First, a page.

A new study has revealed the reason behind people's loyalty to one product, even in the presence of better alternatives.
A significant new study from the Journal of Consumer Research has identified a mechanism called "cognitive lock-in" as an influential determinant of people's choices.
"We find that consumers typically are not aware that this mechanism is a powerful determinant of the choices they make," write Kyle B. Murray (University of Western Ontario) and Gerald Hšubl (University of Alberta).
Murray and Hšubl looked at a theory of cognitive lock-in centred around the idea of skill-based habits of use, that is, how using or buying a product becomes easier with repetition. In a series of experiments, they found that people are more influenced by their understanding of ease-of-use rather than how neutrally easy a product is to use.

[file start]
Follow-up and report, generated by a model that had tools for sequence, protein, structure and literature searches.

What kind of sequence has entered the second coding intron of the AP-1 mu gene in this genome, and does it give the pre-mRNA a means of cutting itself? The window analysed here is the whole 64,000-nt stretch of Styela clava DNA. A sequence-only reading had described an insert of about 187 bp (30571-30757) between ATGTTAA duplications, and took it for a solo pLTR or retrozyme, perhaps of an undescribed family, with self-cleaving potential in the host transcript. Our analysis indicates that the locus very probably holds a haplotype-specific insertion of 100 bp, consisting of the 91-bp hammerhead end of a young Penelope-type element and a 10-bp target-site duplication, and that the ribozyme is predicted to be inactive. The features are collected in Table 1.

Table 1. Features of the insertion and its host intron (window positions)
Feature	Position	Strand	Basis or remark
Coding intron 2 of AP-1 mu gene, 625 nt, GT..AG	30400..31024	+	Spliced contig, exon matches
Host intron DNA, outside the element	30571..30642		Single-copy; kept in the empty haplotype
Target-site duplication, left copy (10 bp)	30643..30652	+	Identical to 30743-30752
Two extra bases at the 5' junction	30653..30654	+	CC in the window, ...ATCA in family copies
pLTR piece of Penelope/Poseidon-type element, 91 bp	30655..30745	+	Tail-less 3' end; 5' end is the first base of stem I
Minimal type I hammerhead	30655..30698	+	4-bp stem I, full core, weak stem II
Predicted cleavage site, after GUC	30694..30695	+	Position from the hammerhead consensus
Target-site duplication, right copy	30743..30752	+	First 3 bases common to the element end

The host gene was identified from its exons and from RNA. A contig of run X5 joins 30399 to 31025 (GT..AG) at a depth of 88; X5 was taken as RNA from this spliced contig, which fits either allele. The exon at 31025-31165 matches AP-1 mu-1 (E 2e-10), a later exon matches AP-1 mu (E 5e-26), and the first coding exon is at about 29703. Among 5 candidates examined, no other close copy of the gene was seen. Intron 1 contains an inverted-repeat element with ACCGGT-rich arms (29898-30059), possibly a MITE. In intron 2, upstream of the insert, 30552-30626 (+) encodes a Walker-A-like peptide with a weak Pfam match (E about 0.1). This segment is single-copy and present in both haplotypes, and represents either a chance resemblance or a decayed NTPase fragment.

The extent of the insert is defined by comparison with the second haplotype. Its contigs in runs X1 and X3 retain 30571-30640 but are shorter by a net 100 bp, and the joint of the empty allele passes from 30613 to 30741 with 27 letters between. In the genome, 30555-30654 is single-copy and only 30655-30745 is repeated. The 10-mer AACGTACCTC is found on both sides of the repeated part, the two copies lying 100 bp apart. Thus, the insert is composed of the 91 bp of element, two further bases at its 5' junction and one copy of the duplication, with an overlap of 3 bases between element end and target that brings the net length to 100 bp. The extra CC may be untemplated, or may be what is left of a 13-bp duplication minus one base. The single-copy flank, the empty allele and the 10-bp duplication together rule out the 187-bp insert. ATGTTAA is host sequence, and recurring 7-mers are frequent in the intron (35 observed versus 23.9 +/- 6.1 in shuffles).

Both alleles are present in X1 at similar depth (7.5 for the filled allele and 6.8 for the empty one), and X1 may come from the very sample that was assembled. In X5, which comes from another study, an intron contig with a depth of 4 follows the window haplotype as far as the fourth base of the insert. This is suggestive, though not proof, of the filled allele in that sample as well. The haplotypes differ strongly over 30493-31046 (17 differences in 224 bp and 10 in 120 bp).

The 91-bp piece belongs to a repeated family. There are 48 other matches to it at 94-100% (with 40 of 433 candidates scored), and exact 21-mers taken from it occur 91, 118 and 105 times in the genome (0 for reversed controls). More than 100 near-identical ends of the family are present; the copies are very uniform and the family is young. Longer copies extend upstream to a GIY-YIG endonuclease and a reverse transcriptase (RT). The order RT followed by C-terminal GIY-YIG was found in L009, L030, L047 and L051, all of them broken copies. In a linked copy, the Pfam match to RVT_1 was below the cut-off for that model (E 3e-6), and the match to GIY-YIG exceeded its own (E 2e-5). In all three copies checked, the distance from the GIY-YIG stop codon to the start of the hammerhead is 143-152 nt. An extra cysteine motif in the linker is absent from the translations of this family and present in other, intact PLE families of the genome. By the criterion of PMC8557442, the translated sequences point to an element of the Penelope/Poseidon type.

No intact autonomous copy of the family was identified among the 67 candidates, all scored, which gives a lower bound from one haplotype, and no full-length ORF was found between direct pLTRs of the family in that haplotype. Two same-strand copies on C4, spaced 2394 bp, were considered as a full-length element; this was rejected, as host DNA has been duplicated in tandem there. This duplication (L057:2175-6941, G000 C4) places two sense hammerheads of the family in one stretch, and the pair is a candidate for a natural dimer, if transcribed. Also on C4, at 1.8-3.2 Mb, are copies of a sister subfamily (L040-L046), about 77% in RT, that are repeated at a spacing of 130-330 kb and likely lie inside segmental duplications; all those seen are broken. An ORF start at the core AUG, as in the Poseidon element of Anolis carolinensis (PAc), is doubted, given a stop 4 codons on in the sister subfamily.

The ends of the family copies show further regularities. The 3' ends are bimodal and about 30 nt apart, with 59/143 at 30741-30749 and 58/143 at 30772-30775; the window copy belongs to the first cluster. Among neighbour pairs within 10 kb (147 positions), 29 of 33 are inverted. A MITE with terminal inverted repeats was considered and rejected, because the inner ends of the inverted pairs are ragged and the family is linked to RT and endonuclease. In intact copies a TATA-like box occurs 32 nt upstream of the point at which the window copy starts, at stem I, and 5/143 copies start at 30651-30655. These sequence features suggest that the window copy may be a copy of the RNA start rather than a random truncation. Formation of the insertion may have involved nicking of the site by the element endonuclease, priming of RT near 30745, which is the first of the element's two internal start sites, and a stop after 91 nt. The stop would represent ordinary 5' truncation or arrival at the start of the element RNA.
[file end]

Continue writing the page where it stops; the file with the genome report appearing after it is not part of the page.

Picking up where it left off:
Significantly, they also found that habits are reliant not only on the acquirement of a specific skill set, but on our desire to accomplish definite goals.
"This has important implications for consumer behavior. For example, learning to navigate a particular grocery store to purchase orange juice does not necessarily lock consumers in to that store when their goal is to buy a cake. Similarly, becoming skilled at looking up stock quotes at Yahoo.com does not mean that the user will inevitably sign up for a Yahoo email account," the authors write.
"This is an important finding because it demonstrates the specific nature of the link between the development of habits of use and consumer loyalty. In fact, the results of the current research indicate that, although habits of use can create a substantial advantage for an incumbent where otherwise none exists, such an advantage appears to be limited to the achievement of a particular goal," they add.